After about the fourth or fifth attempt, not only do you lose count, but you begin to realize exactly what's happening and what to do about it. More importantly, you want to do something about it... you choose to seek help.
The most paradoxical truth in all of this is that once you are ready to admit that you are crazy, once you finally tell someone that you live in fear of yourself and what everyone arounds you reads when they look at you... well, you realize that this is the most concrete evidence of your sanity and that you do have a chance. You're not crazy anymore. You're merely too intelligent to deal with th mundane, everyday things around you. And you're much too smart to off yourself.
Last night's occurrence I'm sure won't be the last of its kind, but it was definitely a breaking ground in this what had, until this point, been a vast wasteland of emptiness. Holding desperately onto my brother's hand in the last of the 24 hours that very well could have been my last, the light peeked out at me. One hour before the calendar date changed, I saw the first beginnings of the first sunrise in these last dark 2 years. It reminded me of that song "Worlds Away" by Summer at Shatter Creek. You know the line, "I know all of the specifics of your life. These last 2 years have been one long dark night. The tunnel's dark and you don't see an end from where you've been."
I guess I just realized that I had changed, but that all was not lost. With some help, I could find those parts of me again and have a reason to hold onto them.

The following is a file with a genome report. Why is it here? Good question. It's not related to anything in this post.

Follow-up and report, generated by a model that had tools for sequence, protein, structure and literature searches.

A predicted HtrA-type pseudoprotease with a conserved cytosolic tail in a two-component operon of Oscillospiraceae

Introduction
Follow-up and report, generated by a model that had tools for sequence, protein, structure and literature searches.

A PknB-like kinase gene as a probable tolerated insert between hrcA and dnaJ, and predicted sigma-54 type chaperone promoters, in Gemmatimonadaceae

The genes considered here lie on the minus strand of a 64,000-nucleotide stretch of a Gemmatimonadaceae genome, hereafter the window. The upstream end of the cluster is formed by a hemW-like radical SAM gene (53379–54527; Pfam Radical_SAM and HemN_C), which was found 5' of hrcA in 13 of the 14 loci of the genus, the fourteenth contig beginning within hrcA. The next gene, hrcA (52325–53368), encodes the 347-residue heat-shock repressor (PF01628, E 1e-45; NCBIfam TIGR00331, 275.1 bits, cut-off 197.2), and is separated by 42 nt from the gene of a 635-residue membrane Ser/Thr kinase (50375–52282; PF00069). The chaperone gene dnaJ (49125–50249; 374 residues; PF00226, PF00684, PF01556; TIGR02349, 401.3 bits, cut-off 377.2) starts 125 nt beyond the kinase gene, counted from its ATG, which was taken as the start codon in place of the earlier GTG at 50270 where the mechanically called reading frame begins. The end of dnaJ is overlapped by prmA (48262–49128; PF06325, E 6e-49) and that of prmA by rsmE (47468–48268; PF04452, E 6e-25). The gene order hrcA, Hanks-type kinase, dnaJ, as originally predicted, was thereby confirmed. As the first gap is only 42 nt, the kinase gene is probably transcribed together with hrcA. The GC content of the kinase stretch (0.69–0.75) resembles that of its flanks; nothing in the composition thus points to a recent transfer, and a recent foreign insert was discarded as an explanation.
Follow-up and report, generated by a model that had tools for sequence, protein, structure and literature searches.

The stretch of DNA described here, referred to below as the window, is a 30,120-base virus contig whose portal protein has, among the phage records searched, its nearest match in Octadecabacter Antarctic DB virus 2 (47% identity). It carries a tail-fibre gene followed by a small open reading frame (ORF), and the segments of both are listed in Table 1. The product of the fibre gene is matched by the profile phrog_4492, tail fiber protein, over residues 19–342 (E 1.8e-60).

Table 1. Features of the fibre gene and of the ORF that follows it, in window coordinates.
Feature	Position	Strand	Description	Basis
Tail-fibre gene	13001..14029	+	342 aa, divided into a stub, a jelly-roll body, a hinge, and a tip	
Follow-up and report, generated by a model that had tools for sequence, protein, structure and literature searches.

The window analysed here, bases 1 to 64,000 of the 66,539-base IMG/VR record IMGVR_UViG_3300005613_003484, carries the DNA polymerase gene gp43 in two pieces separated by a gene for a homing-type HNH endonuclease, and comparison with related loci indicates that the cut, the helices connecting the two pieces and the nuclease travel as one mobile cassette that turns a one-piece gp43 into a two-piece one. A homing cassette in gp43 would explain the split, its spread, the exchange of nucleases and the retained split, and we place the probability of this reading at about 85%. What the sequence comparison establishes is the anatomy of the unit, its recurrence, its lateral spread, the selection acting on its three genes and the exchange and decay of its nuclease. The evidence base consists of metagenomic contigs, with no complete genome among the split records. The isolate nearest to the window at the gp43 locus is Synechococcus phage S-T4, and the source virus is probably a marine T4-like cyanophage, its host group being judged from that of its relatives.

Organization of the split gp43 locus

I showed up at Stephen's door around 10:30 P.M. By the look on his face, I must have been in worse shape than I thought; though, in all fairness, considering my Plan A actions for the evening, I was in pretty bad shape. Stephen and his mother have an affinity for taking in stray dogs and nursing them back to health... an admirable way of living. Again, I had become the most recent stray. It had happened before, but prodigals don't always own up to their problems enough to face and conquer them the first time around.
I didn't feel at all like I could cry, but somehow the tears came, not in sheets or downpour, but in that weak sort of way the sky likes to project rain on those melancholy days when nothing eases the pain and you can imagine that the sky knows how you feel.
"What have you done?"
What have I done? I had been asked this question throughout the evening. In truth, it angered me a little that this was the first conclusion most people seemed to want to jump to; that somehow my actions were horrible enough to have an adverse affect on the state of my appearance. My sin: begging for an ounce of pity where a gallon of love seemed lacking.
This question did not bother me coming from my brother. A. Because he knows me well enough to tell the difference in the cause my sufferings. B. Because I had done something, and had something left to do. At any rate, I was halfway to my goal.
I'm not really certain what I said, if anything at all, before I unzipped my jacket pocket and tossed the bottle of sleeping pills between us on the bed. They got lost for a second in the comforter, one of those blue and white colonial patterned fabrics that reminds you of fine china. This allowed me a second to begin.
"I stole these from work."